The Role of Knowledge, Tools, and Systems for Drilling Analysis
- Alejandro J. La Greca Veiga (Baker Hughes) | Carlos Damski (Genesis Petroleum Technologies Pty Ltd) | James M. Peden (Curtin U. of Technology) | Edson Y. Nakagawa (CSIRO Petroleum)
- Document ID
- Society of Petroleum Engineers
- SPE Drilling & Completion
- Publication Date
- December 2008
- Document Type
- Journal Paper
- 330 - 337
- 2008. Society of Petroleum Engineers
- 1.14.1 Casing Design, 1.6 Drilling Operations, 4.1.5 Processing Equipment, 6.1.5 Human Resources, Competence and Training, 6.4.3 Data and Communication Security, 2.4.3 Sand/Solids Control, 1.5 Drill Bits, 1.12.6 Drilling Data Management and Standards, 1.8 Formation Damage, 7.6.6 Artificial Intelligence, 1.11.5 Drilling Hydraulics, 1.6.7 Geosteering / Reservoir Navigation, 4.3 Flow Assurance, 1.5.1 Bit Design, 5.1 Reservoir Characterisation, 1.6.6 Directional Drilling, 1.2.2 Geomechanics, 4.1.2 Separation and Treating, 5.1.5 Geologic Modeling
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This paper proposes a methodical structure to embody current expertise for the analysis of drilling data. This structure is based on two aspects: (1) the review of published literature, representative of present-day efforts to perform such tasks, and (2) the use of the methodological-pyramid concept, to illustrate what elements typify a methodology.
The review of published works revealed that several key aspects of the analysis of drilling data are not clear; for example
- Actual use of drilling data is still unclear and under debate.
- Most of the available engineering tools limit the range of applications to drilling-performance estimators.
- The proposed methods of analysis vary, depending upon the needs of individual organizations or processes using the concept of "method and methodology" indistinctly.
- Various sets of concepts and theories, from internal and external sources, of drilling-engineering knowledge have been used to develop existing methods and engineering tools.
Under this scenario, it seems that more effort is needed to unify current approaches to analyze drilling data (i.e., within the scope of an independent field with common goals, theories, methods, and tools that can support the decision-making process). For this purpose, the methodological pyramid was chosen as a convenient model to outline these efforts. By allocating some of the reviewed approaches within the elements of such a pyramid and contrasting their different ideas where necessary, a methodology for drilling analysis was formalized. It is believed that this methodology is a convenient framework for defining the goals and scope for an area of drilling expertise named "drilling analysis" and defining the evolving future role of the drilling analyst.
Current approaches to analyze drilling data comprise independent efforts that suit the needs of drilling organizations (Bond et al. 1998; Brett and Millheim 1986; Adeleye et al. 2004) or processes (Perrin et al. 1997; Oag and Williams 2000; Kravis et al. 2002; O'Hare and Aigbekaen 2000). All of these efforts rely on a set of engineering tools, developed to analyze drilling data from corporate databases (Millheim et al. 1998; Irrgang et al. 2002) or from operational/visualization centers (Branch et al. 2001; Kaminski et al. 2002). These two different uses of drilling data orient the requirement and specifications of such engineering tools, as well as drilling-analysis methods (Bond et al. 1998; Brett and Millheim 1986; Behm and Brett 2004; Iyoho et al. 2004). To develop these methods, a variety of concepts and theories have been borrowed within (Millheim et al. 1998; Behm and Brett 2004) and outside (Brett and Millheim 1986; Peterson et al. 1995) the drilling-engineering knowledge. The use of these theories and concepts is valuable because they complement and expand such knowledge. However, this broad scenario of ideas, tools, and methods still lacks a unified framework for the analysis of drilling data. Therefore, structuring the current knowledge into a methodology for drilling analysis is a basic step for fulfilling the needs of the growing specialism named drilling analysis.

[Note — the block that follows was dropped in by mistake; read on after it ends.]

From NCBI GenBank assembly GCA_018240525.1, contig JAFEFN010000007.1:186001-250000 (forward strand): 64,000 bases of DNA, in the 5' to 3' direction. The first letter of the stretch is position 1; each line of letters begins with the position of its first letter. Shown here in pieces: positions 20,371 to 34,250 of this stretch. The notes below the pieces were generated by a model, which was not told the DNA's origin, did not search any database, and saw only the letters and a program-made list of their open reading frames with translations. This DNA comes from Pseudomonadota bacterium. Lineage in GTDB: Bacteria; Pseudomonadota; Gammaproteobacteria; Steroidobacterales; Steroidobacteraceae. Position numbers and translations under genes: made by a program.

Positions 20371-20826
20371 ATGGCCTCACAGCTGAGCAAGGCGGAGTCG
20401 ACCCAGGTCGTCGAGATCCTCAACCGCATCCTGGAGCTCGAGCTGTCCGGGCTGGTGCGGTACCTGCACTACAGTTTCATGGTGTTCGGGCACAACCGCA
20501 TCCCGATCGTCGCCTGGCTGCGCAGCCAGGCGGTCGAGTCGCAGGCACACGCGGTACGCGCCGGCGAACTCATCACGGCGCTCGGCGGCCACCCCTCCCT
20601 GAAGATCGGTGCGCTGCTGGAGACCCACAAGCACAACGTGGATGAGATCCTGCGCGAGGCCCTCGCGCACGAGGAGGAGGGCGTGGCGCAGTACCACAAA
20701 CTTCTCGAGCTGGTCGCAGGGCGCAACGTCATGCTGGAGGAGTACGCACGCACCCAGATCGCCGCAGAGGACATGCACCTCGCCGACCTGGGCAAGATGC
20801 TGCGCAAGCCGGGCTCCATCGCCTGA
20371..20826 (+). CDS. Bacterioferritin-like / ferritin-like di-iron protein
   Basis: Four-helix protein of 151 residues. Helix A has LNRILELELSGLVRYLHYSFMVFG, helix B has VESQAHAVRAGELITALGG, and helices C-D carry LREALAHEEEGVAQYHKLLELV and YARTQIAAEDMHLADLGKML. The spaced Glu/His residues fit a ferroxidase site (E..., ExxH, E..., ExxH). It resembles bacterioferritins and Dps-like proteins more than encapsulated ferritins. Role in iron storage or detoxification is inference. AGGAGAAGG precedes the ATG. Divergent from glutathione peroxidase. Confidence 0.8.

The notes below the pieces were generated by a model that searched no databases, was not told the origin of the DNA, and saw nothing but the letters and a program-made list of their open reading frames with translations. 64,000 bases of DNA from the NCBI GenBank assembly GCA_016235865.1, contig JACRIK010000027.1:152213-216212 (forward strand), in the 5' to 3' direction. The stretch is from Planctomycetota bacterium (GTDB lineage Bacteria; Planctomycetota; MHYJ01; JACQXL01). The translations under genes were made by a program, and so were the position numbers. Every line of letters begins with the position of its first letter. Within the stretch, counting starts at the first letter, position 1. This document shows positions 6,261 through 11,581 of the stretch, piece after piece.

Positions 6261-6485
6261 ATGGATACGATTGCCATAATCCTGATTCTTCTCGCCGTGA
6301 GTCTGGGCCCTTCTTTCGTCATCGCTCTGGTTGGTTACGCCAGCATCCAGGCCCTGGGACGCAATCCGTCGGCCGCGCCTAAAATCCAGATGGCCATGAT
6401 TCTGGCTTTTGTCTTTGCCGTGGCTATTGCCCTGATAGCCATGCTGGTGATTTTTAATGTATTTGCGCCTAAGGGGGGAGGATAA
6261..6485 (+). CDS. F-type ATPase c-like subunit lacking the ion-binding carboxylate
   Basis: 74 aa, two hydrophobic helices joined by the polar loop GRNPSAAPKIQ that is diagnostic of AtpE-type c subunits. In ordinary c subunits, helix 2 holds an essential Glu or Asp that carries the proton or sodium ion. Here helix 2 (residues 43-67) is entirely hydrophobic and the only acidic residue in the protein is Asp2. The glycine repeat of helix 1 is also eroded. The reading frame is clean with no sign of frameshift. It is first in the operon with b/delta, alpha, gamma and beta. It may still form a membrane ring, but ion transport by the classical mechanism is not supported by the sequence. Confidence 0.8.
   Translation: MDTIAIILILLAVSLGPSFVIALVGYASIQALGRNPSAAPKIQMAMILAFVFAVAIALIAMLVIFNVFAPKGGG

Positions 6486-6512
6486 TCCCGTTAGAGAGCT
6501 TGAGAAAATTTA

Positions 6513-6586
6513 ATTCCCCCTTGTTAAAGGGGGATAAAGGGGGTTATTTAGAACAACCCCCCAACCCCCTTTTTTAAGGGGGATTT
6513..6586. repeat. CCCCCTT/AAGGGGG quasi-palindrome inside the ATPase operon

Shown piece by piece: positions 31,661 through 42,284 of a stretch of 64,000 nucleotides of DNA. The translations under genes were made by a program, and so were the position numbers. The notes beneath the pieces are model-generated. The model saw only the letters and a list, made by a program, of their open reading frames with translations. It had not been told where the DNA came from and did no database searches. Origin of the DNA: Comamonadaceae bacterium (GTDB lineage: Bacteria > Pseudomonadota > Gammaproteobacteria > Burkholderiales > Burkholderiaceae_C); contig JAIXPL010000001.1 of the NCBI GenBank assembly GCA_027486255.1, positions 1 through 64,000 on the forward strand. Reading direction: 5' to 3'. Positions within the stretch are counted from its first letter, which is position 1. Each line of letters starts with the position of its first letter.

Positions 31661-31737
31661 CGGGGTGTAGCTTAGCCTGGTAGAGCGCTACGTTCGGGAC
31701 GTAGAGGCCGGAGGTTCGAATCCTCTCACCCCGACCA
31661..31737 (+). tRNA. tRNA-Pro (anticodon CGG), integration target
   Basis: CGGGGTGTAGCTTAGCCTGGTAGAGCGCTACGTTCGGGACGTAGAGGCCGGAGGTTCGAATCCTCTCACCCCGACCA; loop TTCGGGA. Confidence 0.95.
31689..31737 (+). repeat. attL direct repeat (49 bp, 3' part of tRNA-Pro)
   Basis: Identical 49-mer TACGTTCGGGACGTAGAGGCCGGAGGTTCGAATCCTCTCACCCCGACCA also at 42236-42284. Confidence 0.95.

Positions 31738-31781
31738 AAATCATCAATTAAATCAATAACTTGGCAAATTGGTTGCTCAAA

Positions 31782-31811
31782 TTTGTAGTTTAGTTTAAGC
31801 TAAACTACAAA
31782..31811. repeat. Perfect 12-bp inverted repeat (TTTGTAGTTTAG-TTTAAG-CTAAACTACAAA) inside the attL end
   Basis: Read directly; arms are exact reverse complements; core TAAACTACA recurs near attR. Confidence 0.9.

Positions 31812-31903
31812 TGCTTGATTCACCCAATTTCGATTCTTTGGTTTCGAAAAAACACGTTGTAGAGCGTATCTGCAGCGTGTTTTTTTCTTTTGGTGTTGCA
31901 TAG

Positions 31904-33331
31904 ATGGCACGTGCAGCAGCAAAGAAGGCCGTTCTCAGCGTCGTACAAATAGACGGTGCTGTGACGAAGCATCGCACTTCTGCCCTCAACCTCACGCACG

This paper is about specifying what constitutes a methodology for drilling analysis. For this purpose, the concept of the methodological pyramid (de Hoog 1998) was chosen to illustrate how current knowledge, tools, and systems fit within its layers. This approach was selected because it represents a structured view of the whole process. On the other hand, it was noticed that drilling literature uses the words "method" and "methodology" as synonymous and uses them indistinctly. The usefulness of the methodological pyramid is that it provides a graphical body for clarifying frequent confusion about the use of certain words (de Hoog 1998). In this sense, it contrasts both method and methodology with their definitions and with one drilling example before describing the methodology for drilling analysis.
The review of representative current efforts, and allocating them within the frame of the methodological pyramid, discloses the actual scenario for drilling-analysis activities. It also permits structuring a convenient framework for the growth of an independent field within the drilling-engineering knowledge named drilling analysis, and the evolving role of the drilling analyst. The needs and challenges of the further use of drilling data will constantly update the contents of the methodology for drilling analysis; it requires consensus, time, and support for further developments and implementations.
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